Wedding Flowers
And while the lesson of this challenge sounded as clear as a Victoria era wedding bell, what I came home with was renewed inspiration for the apple and pear orchard stories I plan to write someday, set in my own backyard. 

Or perhaps that should be Max and Kate von Schramm’s backyard.  

Does your neigbourhood hold any book-worthy stories or settings?

Blessings for a wonderful weekend, 

Friday, November 14, 2014

52 Author Dates ~ Week 44




Peach tree splendour ~ Crabapple House
Attend A Concert 

The soundscape of a novel can be manmade or the sounds of nature. Or a unique blend of both. This week’s author challenge sent me to the best seat in the house when I attended a concert geared towards capturing what is heard when one is still enough to listen. 

I had plans to attend an orchestral concert, but time ran away from me and instead I took my writng outside to keep company with the birds in my backyard, perched between the nectarine and peach trees.

Above me, a riot of birdsong as orchestrated and melodic as any concert, took off with no conductor other than the One who’s created these birds to sing as they do.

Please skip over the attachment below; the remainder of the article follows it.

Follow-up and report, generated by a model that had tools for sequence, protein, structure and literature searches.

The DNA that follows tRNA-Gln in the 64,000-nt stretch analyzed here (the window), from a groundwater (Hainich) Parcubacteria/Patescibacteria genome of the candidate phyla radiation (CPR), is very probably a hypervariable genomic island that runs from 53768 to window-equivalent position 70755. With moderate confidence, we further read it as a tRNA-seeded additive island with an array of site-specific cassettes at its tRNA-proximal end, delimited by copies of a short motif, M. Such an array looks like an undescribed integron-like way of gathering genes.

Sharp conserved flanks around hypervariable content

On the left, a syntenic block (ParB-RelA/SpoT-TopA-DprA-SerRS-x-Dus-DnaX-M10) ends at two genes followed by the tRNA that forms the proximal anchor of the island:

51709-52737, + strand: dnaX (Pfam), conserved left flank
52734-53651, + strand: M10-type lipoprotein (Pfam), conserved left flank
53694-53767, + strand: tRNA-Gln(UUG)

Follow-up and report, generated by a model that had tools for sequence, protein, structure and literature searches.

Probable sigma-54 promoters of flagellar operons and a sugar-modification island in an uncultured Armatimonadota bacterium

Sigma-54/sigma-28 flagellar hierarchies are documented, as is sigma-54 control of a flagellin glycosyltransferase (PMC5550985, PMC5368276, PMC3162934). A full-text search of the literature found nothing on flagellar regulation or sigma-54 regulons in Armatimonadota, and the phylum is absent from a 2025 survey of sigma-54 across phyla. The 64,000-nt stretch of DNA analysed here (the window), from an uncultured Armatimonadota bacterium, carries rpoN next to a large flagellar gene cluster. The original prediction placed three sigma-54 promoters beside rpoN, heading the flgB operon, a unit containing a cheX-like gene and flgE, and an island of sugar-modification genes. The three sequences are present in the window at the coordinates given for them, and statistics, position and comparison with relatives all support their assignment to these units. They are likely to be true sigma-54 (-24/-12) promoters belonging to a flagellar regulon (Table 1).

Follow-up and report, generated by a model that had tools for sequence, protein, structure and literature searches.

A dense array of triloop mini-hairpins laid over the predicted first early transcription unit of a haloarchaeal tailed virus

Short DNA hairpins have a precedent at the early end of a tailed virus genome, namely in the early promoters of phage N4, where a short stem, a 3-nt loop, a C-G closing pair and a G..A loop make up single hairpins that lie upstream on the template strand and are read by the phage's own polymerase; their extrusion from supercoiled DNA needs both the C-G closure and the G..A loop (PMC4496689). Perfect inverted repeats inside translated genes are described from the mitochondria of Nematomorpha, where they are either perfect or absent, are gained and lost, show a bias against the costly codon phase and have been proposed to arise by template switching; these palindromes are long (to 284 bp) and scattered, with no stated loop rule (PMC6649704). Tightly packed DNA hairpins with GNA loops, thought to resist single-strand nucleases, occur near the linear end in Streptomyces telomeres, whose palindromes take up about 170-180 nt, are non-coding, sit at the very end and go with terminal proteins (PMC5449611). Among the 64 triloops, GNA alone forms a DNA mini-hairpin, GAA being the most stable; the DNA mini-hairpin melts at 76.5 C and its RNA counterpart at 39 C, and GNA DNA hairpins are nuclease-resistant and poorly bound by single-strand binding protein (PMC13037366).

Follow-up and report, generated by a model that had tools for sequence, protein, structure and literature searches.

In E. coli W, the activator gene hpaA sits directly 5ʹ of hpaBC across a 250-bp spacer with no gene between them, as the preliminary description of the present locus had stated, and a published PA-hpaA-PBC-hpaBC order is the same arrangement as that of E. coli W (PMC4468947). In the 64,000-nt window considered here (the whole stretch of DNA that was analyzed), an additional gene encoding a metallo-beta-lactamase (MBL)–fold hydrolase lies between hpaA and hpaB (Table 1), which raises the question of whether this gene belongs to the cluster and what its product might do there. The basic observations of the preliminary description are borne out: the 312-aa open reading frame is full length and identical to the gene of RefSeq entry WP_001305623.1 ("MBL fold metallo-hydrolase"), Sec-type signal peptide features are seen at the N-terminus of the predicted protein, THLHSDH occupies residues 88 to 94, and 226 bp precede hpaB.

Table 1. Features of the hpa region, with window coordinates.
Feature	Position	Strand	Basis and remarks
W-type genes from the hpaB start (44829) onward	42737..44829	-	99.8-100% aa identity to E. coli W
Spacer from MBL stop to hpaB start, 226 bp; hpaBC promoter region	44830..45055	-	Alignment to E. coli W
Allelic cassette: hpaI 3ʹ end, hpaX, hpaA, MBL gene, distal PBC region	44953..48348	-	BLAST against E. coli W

Nectarine Goodness.... if the birds don't beat us to it.
Many contributed their short tweets, often and short, one after the other as if in chirpy reply. Other birds screeched long and high. The background hum of a street sweeper and distant ride-on-mower reminded me I sat in the tail-end flourish of spring. Ubiquitous bees and other bugs hovered, searching nectar with the soft buzz that comes to a garden when fruit blossoms have given way to fruit buds. And I wondered if the musical celebration was in honour of the summer fruit we all anticipate and will ultimately fight for. (The birds always win. I won’t kid myself) 

From the Crabapple House rooftop, one sassy bird jumped in for a solo performance. Puk, puk, puk-puk. Another kindred of his joined with her own far off echo. Puk, puk, puk-puk. A duet against the soft cooings of distant pigeons. 

Beyond warm up, we were now in full birdsong symphony. The soundtrack of my writing afternoon, the last songs of spring. 

Gilbert, my writing companion ~ Crabapple House